What formal education does one need?

Discussion in 'Professional Trading' started by c.chugani, Oct 30, 2007.

  1. I would like to know,

    my dream one day is to become a full-time professional trader. Even if it means struggling and not making big big bucks - I just love studying the markets and the general lifestyle/workday of a typical trader.

    The problem is, I am currently finishing my degree in Marketing. I DO NOT come from a educational background based on Finance. Is it a requisite to be a finance savvy in order to succeed in this type of business?

    What kind of training / education does one formally need to become a trader? Would an intern at a reputable investment bank help me learn the basics? Where can I look for resources regarding which online brokers to use, which software platforms to learn, etc. etc? I eventually want to engage in proprietary trading for my own account.

    And please, I do not need recommendations as to workshops, 3-day-become-rich-quick programmes or any of that other salesman stuff.

    I would really appreciate constructive advice and strong guidance on how to embark on this tough career.

    Thanks in advance.
  2. none
  3. could you care to elaborate?

    I'm really lost on whether I should finish my last year in Marketing and take up another degree in Economics or something..

    Where/how can I learn how to trade for and by myself?
  4. Properly applied, a good education can't hurt. But I think that your best bet is to be a "Road Scholar" (i.e., street smart).
  5. ssblack


    Get a B.S. from the School of Hard Knocks.
  6. try to work in the industry...

    common sense and a clear thought process is important...
  7. Going into Wall Street.

    I am frequently asked about the best background for the investment business. To start with, I am quite sure what it isn't : majoring in economics and then entering Wall Street. That's like recommending that an aspiring author should go straight from college into writing, or that a future saint should study theology and then enter church administration, or that a budding Cassanova should start with a doctorate in anatomy. In all these matters one needs first to know the world have practical experience. You invest in specific human operations--manufacturing, retailing, banking, technology--a different affair from building theories out of figures.

    cont. on link

  8. So is getting a job in Wall Street and learning the ropes as a trainee my best bet?

    Does it beat studying charts and developing a strategy on my own?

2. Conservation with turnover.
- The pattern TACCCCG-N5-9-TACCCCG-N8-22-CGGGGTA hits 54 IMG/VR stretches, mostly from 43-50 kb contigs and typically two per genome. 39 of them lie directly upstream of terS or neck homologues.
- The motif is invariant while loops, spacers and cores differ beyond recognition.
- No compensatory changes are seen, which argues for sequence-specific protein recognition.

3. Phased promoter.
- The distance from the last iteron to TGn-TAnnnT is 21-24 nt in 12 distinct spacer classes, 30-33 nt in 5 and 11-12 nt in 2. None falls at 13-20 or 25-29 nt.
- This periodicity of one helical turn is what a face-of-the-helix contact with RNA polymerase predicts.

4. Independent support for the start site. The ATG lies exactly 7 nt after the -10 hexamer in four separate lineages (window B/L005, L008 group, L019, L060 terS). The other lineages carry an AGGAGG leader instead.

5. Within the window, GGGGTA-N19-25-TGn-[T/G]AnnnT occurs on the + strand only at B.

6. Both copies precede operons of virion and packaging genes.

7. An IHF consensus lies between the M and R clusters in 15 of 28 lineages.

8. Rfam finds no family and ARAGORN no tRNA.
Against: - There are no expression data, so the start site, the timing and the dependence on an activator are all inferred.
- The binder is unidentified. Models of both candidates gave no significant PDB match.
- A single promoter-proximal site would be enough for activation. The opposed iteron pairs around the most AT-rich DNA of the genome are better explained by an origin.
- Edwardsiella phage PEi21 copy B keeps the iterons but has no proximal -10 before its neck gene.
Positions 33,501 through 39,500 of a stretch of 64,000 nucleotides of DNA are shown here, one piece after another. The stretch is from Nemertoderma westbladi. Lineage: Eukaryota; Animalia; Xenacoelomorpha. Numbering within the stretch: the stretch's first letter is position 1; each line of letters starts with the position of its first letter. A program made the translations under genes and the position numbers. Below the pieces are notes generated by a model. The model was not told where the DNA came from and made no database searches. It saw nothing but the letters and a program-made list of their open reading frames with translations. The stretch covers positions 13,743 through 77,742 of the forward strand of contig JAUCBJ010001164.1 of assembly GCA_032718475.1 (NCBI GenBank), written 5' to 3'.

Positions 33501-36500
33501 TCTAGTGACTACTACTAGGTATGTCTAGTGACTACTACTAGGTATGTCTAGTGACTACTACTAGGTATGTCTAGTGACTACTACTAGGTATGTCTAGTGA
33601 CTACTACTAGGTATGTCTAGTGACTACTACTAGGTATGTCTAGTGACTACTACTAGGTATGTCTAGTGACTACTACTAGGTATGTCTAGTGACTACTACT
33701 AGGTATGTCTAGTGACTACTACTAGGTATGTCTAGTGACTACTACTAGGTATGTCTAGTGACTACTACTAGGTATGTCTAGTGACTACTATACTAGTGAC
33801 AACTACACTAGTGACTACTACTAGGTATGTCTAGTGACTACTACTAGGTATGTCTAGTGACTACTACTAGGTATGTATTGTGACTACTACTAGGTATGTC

Also, my major concern is the fact I havent majored in Finance. How tough is it to get into an investment bank WITHOUT your typical Economics degree?
  9. rwk


    The lifestyle and workday vary greatly depending on whether you are an employee, independent money manager, or individual trader. I don't know very much about becoming employed as a trader, but it sounds extremely competitive and probably involves a lot of luck. To become a money manager, the most common credentials are a BA in economics and an MBA. To be successful as an independent trader, probably the most important factor would be a skill or trade that you can use to support yourself as you teach yourself trading. You learn the most by doing it. The most cost-effective source of trading information is books. I believe mentorship is greatly overrated.

    Good luck!
  10. Wrong.

    For those who have graduated from university in a hardcore program...
    (Not some country club diploma mill)...
    You understand that the ENTIRE point of an advanced education is...


    University is not about memorizing facts like high school...
    It's entirely about CHALLENGING you intellectually...
    So you end up thinking at a higher level..
    And then you reason at an advanced level for the ** rest of your life **.

    The 2 prerequisites for a trader are math and logic.
    It doesn't really matter how you master these 2 disciplines...
    But you can only do it through an intensive university program.

    You cannot do it alone...
    Because ONLY a tough university program will PUSH you that far.

    Business and finance programs do almost NOTHING...
    To take your math and logic reasoning to a higher level.
    #10     Oct 30, 2007